EDIT: DIYP intends no disrespect to the victim or her family and friends by publishing this post. As was stated in the article, regardless of the circumstances surrounding her death, the loss of life is indeed tragic, not only for the victim but for those close to her. The use of satire was intended to communicate, to those who typically ignore safety precautions while knowing the risks, how very real the consequences of such actions can be.
We can all agree that there are many things in life that can kill you, such as nuclear radiation, stepping into oncoming traffic, and a jealous girlfriend. Oh, and lions…especially if you’re stupid. (Or maybe just careless; we aren’t passing judgement.)
If I’m driving through a wildlife park and the rules state that my windows are to be closed and I am to have no contact with the animals, chances are I will test the boundaries and see how much I can get away with for a great picture or story to tell. That, however, backfired morbidly for an American tourist traveling through Lion Park (yes, we know the link is currently dead, although we’re not sure why) just north of Johannesburg, South Africa.
Despite the park rules stating that guests are to keep their windows rolled up and “hands and feet inside the ride at all times,” the 22-year-old tourist was riding along through the park with her window rolled down and, we assume, Lynyrd Skynyrd blasting “Sweet Home Alabama” over the radio. Witnesses state that, at the time of the attack, the victim was taking photos of a lion from one meter (a little over three feet, for us bloody Americans) away when the lion, apparently disagreeing with her choice in playlist, lunged through the open window and attacked the woman. Perhaps a bit extreme when a simple, “Please change the song,” would have sufficed, but it’s easy to play armchair expert after the fact.
According to reports, park employees were able to get the lion away from the victim, and although paramedics attempted to save her life, it was too late. Regardless of the circumstances, the loss of life is still tragic.
A few things I take away from this
First off, this is an enclosed park, which is probably why the park is able to advertise, “super close-up animal views guaranteed.” To me, that takes most of the fun out of the experience. It’s kind of like those places that guarantee you will shoot a trophy buck by paying to hunt in their enclosed killing grounds. It’s like shooting fish in a barrel rather than experiencing the thrill and allure of tracking down a truly wild animal. This was not an open safari but rather the South African equivalent of Six Flags. Kinda unsporty, if you ask me…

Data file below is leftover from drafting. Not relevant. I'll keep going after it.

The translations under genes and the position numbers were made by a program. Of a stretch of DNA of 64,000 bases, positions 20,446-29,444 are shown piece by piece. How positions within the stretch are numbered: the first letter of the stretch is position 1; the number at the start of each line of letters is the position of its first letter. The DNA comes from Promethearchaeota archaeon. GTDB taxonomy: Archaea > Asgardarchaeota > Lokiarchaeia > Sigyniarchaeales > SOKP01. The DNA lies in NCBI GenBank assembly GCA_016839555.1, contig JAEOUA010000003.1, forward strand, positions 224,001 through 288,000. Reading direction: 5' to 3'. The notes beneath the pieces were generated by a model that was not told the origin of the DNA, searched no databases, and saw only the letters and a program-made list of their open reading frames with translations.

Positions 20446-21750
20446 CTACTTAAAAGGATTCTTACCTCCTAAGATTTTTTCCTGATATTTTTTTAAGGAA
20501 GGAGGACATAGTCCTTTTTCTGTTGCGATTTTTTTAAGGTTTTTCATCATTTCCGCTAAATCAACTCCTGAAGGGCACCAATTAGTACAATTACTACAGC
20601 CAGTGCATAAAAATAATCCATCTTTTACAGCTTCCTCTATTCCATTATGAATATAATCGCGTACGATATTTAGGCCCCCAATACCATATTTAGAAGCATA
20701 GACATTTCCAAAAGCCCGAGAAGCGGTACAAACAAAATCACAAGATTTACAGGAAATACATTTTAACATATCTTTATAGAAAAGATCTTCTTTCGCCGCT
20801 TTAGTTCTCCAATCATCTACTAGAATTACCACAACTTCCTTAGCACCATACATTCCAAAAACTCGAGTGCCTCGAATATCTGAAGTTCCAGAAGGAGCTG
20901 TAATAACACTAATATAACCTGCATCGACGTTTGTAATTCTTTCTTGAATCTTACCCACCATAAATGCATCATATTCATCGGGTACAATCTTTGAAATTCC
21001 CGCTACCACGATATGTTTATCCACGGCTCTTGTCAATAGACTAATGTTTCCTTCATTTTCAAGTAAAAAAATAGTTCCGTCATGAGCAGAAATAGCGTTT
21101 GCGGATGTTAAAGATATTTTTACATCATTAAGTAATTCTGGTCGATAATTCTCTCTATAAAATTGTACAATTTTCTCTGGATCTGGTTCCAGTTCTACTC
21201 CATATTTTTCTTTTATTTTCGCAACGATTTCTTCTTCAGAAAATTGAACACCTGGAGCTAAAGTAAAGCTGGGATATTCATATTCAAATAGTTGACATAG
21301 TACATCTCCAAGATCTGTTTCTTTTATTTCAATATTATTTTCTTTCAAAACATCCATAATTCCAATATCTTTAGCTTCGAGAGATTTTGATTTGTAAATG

Secondly, this park apparently has a problem with temperamental wildlife. An Australian tourist was attacked in March when he decided to pull the same thing (although, we assume his playlist incorporated…well, whichever Australian musical artists were all the rage in the 1970s) and travel through the park with his window rolled down. Two days later, a 13-year-old boy who thought it a great idea to take a shortcut across the park on his bike (the balls!) was attacked by a cheetah. Now, how many serious incidents and deaths do you think Six Flags would have to accumulate before the place would see a decline in their legal privilege to remain open? Then again, TIA (“this is Africa), so a different set of rules obviously applies.
And, perhaps this is what Charles Darwin had in mind when formulating his theories on natural selection.
Photographers, for the love of God…
…your life, and the pressure your friends and loved ones would undoubtedly feel to conjure up something nice to say at your memorial, don’t be entirely stupid when trying to get the shot. But, should you choose to ignore my advice, be sure the images that will be recovered from your memory card and sensationally shared with the rest of the world are epic.
[via The Telegraph | Header image courtesy Tambako The Jaguar]
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